The ICJ sent a letter urging Singapore’s government to refrain from passing into law the Protection from Online Falsehoods and Manipulation Bill 2019 (‘Online Falsehoods Bill’) in its current form.
The letter was sent to Singapore’s Prime Minister, Deputy Prime Ministers, Minister for Law and Speaker of the Parliament.
The bill is reportedly expected to be adopted and come into force in the second half of 2019.
The ICJ acknowledged the efforts of Singapore’s government to attempt to counteract potential infringements on human rights and fundamental freedoms which may emerge from abusive communications involving the spread of misinformation. It noted however that the bill may, contrary to the object and purpose of its introduction, result in far-reaching limitations on the rights to freedom of expression, opinion and information.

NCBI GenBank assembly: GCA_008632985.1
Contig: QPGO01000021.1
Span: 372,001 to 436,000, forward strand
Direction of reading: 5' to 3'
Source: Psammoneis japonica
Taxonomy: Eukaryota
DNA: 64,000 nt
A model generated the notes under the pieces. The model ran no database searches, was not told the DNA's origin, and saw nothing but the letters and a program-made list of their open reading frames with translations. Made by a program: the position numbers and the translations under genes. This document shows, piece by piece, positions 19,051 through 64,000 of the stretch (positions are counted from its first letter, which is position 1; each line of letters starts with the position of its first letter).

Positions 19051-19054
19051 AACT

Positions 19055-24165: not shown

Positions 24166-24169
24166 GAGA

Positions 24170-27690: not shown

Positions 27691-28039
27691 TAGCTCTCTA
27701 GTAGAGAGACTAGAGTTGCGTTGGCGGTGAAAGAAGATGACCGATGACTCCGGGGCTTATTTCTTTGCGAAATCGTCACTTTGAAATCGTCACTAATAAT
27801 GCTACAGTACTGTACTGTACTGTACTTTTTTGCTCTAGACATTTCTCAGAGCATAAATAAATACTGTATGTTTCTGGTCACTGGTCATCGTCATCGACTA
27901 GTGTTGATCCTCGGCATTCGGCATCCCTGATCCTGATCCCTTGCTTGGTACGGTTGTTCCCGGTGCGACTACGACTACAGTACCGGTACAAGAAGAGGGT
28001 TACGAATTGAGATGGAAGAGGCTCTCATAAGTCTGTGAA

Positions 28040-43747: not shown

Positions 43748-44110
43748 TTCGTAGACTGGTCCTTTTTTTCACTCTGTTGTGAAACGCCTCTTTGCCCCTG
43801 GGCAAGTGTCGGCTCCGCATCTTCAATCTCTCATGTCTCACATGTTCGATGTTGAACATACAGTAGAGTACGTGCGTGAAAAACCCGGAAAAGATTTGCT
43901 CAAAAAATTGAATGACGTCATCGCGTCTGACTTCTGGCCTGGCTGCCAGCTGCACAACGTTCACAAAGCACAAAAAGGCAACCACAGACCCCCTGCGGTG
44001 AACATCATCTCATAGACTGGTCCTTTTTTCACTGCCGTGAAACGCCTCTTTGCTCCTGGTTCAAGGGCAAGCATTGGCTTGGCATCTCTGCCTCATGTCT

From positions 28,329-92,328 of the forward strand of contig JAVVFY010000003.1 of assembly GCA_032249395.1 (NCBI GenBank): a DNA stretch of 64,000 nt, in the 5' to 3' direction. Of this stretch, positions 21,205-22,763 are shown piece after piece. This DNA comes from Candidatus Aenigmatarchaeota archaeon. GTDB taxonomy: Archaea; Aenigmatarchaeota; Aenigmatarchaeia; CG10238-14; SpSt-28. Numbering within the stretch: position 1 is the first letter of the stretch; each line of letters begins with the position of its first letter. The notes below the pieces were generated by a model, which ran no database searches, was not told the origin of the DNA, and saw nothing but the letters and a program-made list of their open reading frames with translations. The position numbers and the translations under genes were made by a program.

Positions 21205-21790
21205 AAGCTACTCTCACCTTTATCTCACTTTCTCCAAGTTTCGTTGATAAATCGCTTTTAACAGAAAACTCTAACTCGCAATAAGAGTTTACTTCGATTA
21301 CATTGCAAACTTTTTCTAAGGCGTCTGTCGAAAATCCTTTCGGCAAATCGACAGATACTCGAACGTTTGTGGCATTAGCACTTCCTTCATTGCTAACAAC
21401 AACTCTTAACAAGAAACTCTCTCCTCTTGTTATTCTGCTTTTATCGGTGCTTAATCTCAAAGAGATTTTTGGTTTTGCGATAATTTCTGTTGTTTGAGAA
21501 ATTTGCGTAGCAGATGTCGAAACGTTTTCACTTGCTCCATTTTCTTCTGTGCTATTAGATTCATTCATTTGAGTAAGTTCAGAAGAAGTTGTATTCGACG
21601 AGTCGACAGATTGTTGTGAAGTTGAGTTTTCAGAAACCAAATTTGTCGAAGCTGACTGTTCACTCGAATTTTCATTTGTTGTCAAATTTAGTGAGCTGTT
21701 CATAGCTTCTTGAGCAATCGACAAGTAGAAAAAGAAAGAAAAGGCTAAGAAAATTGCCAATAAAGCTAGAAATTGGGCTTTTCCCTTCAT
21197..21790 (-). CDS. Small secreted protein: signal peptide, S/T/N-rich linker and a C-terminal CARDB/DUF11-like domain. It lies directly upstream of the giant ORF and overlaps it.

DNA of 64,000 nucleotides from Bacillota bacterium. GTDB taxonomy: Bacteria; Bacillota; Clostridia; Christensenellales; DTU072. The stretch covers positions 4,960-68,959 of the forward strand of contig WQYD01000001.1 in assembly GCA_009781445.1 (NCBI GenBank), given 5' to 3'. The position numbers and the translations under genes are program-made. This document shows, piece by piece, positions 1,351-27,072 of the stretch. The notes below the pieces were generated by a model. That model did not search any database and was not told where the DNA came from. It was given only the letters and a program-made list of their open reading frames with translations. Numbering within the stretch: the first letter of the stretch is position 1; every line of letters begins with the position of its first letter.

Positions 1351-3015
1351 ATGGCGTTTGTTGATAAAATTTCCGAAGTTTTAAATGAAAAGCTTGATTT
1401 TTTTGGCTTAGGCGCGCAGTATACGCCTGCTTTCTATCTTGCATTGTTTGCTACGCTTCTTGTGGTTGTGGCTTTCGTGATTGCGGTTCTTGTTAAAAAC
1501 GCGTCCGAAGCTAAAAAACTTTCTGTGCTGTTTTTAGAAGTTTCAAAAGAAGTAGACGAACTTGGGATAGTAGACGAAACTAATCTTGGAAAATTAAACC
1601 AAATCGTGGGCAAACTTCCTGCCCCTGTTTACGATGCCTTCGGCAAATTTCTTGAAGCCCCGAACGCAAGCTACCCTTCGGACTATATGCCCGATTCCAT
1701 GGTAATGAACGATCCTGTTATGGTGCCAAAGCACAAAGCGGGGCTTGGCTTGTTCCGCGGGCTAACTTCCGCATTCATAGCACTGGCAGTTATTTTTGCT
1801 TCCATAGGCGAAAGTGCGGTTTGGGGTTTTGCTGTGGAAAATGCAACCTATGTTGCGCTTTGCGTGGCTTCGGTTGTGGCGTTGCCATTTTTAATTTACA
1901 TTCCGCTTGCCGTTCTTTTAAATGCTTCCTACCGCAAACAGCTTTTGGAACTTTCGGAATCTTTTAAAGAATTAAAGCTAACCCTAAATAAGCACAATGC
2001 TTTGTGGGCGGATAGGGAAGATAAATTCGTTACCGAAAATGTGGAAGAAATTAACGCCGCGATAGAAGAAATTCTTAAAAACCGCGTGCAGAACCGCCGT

The ICJ indicated that its provisions present a real risk that it can be wielded in an arbitrary manner to curtail important discussion of matters of public interest in the public sphere, including content critical of the government. Critical dissent, free exchange and development of opinions, and free access to information are necessary to maintain an informed society and ensure transparency, accountability and informed debate on crucial matters of public interest.
The letter included a legal briefing highlighting the ICJ’s concerns regarding provisions of the bill which contravene international human rights law and standards.
ICJ, ‘Singapore: Parliament must reject internet regulation bill that threatens freedom of expression’, 4 April 2019, https://www.icj.org/singapore-parliament-must-reject-internet-regulation-bill-that-threatens-freedom-of-expression/AdvocacyNewsOpen letters